What hair of the dog says about your pet

PUBLISHED: 09:37 14 September 2012

Dog salon
Louisa with Charlie and her awards

Dog salon Louisa with Charlie and her awards


There’s a lot more to a poodle’s fur than just a couple of pom poms around the feet, as Anna Dubuis discovers…

Poodles are renowned for their pom poms which mark them as one of the curious-looking pets in the dog world.

But the ubiquitous leg warmers have a greater purpose than being purely for show.

Louisa Tandy, from Louisa’s Dog Salon in Gravesend, explains that all dogs are bred with some sort of job in mind.

“Poodles originated in Russia and Germany and were water retrievers, retrieving game from the water. Their wet fur would get very heavy so the owners shaved it all off,” she said. “But in the winter the dogs would suffer arthritis in the joints so they left the main coat on the body to keep vital organs warm and left poms of hair to help protect the joints from the cold.”

This traditional style has continued beyond the poodle’s purpose and is now the standard way to maintain their coat.

Other grooming styles depict the varying roles dogs were bred for.

The Westy and the Terrier, Louisa explained, were bred to help on farms and catch pests.

If the hair on their backs was short they could get down burrows easily, but keeping the hair on the faces would protect them from a rodent’s attack.

Shitzus have a long cut as they were bred as hand muffs to sit in people’s laps and keep them warm.

Louisa has been a qualified dog groomer for twenty years and has won numerous awards for her scissor skills.

Always an animal lover, she gave up veterinary nursing college to look after pets “when they were happy rather than ill”, and headed off to the London Academy of Grooming to train.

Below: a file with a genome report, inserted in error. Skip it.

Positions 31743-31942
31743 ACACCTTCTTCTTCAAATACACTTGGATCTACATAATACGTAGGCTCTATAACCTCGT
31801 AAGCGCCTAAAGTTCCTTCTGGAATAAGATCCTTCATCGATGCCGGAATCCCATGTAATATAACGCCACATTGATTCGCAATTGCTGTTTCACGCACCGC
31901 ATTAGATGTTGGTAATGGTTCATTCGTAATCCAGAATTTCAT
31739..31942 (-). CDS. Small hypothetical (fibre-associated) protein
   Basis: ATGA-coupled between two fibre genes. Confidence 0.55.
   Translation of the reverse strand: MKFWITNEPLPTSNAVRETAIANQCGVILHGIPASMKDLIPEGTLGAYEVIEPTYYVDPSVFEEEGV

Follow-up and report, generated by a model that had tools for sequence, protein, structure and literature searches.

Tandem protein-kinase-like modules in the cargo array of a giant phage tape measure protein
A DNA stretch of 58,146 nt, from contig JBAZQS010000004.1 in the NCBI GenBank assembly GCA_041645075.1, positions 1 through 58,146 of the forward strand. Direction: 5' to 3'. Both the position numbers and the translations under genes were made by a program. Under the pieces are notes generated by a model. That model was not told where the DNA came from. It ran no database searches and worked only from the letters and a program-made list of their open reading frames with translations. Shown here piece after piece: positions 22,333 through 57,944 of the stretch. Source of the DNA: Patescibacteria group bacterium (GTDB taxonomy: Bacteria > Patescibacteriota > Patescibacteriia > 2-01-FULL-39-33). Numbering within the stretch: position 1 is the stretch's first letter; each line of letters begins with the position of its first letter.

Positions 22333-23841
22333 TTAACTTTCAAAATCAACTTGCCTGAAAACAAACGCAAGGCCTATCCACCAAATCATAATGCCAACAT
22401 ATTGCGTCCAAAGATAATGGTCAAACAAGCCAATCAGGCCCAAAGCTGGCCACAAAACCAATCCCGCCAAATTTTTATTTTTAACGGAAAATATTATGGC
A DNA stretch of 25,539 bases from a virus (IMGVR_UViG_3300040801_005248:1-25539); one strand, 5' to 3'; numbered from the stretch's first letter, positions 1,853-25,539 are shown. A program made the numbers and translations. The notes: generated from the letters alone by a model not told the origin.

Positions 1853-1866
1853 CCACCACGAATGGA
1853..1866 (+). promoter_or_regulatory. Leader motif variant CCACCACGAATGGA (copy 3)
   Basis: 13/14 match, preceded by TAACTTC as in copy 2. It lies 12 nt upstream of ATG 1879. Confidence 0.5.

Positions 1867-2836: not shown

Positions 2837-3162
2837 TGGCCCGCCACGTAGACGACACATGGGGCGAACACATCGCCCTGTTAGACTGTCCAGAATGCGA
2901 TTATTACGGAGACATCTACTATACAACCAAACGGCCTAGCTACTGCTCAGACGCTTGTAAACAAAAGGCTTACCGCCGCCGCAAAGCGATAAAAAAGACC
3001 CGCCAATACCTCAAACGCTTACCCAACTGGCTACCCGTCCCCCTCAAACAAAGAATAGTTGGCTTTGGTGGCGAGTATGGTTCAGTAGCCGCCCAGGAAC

In 1991 the dog grooming industry was fairly unregulated and anyone could start up a salon. Nowadays, it has become a serious trade with three levels of grooming qualifications on offer. Levels one and two are bathing and drying and level three is a styling certificate.

The top qualification is the Higher Diploma which takes about five years.

Louisa has this one, as well as being a member of the Guild of Master Groomers which is run by the British Dog Groomers’ Association.

The dog grooming world has a reputation for its eccentricities, although Louisa treds carefully.

She said: “You have some extremes where people spend thousands of pounds on outfits. There is a lady who shaves the coats off and knits the dogs jumpers. Nowadays you see a lot of people with toy dogs buying push chairs to keep them clean but at the end of the day dogs get dirty.

“The people I mix with have a much more normal outlook on dogs. They understand that dogs are dogs and not humans, though it does take over your life a bit. Obviously my son comes first but we are mad on our dogs.”

Grooming competitions are a large part of the business, where an expert panel judges the person on the way they handle the dogs, their scissor technique and their styling.

“It’s all about making the best of the dog’s features. If a dog has pretty eyes you want to show that off or if it is too long in the body you need to know how to work with that.”

Louisa has appeared on Sky One’s Liza and Hueys Pet Nation for which she dyed a poodle’s hair purple (using special dog hair dye) and cut its coat into quite an incredible twister shape.

Around the world, creative grooming, which involves dyeing dogs’ hair and often making them look like other animals, is getting more and more competitive.

However Louisa isn’t so keen on the canine fancy dress contest.

“I have done that before but it is not something I’m too keen on. I like my dogs looking like dogs.”

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